From a victim to a victor

Compassion International has been his fight

Poverty and abuse speak the same language; give up!

Leadership can be launched by pain and sorrow.

Forgiveness is giving up the right for revenge.

Dave Gibbons- Leadership Summit 09

August 7, 2009

New Song in Irvine, CA                 Christ-Community-Cause

The Monkey & The Fish

Consumeristic church comes from the homogenous unit stuff of church growth; targeting a certain audience

Third Culture Leader:  adaptation, painful adaptation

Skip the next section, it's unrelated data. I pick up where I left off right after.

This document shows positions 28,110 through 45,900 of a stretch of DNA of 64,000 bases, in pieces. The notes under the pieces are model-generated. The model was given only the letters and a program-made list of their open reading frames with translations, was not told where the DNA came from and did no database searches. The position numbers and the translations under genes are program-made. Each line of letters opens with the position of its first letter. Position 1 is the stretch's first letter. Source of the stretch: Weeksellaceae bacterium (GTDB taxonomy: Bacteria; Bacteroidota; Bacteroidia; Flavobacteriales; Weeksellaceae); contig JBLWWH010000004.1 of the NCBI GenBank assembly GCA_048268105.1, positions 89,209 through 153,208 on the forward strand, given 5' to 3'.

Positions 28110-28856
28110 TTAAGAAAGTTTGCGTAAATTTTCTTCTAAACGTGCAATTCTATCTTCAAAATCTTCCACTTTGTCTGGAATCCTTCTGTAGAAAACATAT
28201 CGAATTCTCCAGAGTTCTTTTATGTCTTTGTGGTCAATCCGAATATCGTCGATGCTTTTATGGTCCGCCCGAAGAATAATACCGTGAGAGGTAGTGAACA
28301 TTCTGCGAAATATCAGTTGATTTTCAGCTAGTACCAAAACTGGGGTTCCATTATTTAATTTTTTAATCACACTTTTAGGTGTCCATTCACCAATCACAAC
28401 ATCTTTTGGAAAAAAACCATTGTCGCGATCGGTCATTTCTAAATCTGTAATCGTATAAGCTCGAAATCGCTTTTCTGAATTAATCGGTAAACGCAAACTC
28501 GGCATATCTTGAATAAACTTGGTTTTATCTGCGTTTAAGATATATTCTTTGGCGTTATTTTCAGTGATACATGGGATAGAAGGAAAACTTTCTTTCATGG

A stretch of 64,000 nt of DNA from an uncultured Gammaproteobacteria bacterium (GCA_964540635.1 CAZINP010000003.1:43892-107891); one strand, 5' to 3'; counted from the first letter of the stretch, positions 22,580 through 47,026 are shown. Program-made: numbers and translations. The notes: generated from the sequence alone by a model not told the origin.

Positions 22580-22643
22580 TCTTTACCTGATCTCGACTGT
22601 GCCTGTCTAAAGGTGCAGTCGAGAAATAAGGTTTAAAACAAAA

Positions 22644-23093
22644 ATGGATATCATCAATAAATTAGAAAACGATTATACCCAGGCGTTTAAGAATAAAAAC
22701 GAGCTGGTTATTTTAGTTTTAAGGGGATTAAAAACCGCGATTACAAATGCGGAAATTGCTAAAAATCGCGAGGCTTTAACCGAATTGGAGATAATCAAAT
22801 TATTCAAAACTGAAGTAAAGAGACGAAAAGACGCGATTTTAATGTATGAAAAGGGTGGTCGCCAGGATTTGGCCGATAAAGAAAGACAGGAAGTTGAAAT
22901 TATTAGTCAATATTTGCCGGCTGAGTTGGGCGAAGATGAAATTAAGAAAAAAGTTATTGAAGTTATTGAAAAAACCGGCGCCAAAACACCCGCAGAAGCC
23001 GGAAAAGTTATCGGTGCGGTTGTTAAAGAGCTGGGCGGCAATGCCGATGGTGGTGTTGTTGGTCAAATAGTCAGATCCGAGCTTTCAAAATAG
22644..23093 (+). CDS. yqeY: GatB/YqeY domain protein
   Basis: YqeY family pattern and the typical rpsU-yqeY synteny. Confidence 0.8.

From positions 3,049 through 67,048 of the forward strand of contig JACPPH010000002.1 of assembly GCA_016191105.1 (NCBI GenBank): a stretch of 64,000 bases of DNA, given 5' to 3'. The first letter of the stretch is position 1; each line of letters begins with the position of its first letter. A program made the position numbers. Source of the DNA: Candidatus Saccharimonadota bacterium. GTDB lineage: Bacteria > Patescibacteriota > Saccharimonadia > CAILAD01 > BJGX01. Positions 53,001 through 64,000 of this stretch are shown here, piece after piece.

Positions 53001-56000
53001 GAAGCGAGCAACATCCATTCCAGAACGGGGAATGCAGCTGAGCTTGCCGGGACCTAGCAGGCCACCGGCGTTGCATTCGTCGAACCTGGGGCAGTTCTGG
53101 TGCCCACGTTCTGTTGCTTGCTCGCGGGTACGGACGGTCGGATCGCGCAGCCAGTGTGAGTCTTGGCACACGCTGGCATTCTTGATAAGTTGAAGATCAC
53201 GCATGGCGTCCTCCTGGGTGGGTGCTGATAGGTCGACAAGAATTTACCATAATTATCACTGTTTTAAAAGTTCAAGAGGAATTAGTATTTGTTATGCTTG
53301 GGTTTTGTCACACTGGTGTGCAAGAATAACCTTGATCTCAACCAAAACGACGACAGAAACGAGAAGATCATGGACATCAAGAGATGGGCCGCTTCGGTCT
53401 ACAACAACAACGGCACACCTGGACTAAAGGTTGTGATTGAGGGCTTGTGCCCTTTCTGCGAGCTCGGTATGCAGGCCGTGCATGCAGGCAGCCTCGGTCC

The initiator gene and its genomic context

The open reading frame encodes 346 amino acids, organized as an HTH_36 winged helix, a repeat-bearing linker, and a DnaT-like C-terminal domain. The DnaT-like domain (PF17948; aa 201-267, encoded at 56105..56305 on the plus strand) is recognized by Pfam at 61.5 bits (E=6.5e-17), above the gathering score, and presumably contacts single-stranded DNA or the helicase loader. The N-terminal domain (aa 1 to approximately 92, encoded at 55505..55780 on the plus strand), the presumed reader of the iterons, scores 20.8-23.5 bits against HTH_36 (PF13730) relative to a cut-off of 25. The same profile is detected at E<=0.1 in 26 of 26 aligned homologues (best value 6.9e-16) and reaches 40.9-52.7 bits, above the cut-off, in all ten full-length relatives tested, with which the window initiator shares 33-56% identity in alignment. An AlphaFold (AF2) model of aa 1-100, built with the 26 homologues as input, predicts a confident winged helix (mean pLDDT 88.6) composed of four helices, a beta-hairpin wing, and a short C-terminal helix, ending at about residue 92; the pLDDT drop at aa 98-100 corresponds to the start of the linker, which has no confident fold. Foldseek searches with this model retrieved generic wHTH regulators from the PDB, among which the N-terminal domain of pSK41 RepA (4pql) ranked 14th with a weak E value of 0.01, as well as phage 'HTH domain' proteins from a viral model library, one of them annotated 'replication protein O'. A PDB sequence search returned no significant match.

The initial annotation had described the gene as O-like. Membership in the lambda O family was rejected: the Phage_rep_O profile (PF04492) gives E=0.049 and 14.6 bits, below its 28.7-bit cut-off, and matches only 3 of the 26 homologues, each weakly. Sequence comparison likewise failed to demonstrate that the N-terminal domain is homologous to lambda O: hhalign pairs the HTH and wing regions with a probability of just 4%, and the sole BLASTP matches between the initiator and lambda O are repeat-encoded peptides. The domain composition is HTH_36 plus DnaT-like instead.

• “Third culture is the mindset and will to love, learn, and serve in any culture, even in the midst of pain and discomfort.” – Dave Gibbons

Third Culture actions:

  • Focused on the fringe; early adopters; zealots; misfits
  • Failure is success to God; your resonance ; your voice; your weakness; world understands suffering (a changed metric)
  • Weakness guides us more than our success
  • Relationships trump vision; with God and others (only one vision; love God and our neighbor)
  • Obedience is more important than passion
  • Four acts:
  • deeper collaboration; other churches, cities, nations
  • communal living; together; community
  • prayer; power of the Holy Spirit
  • radical sacrifice for the outsider; other culture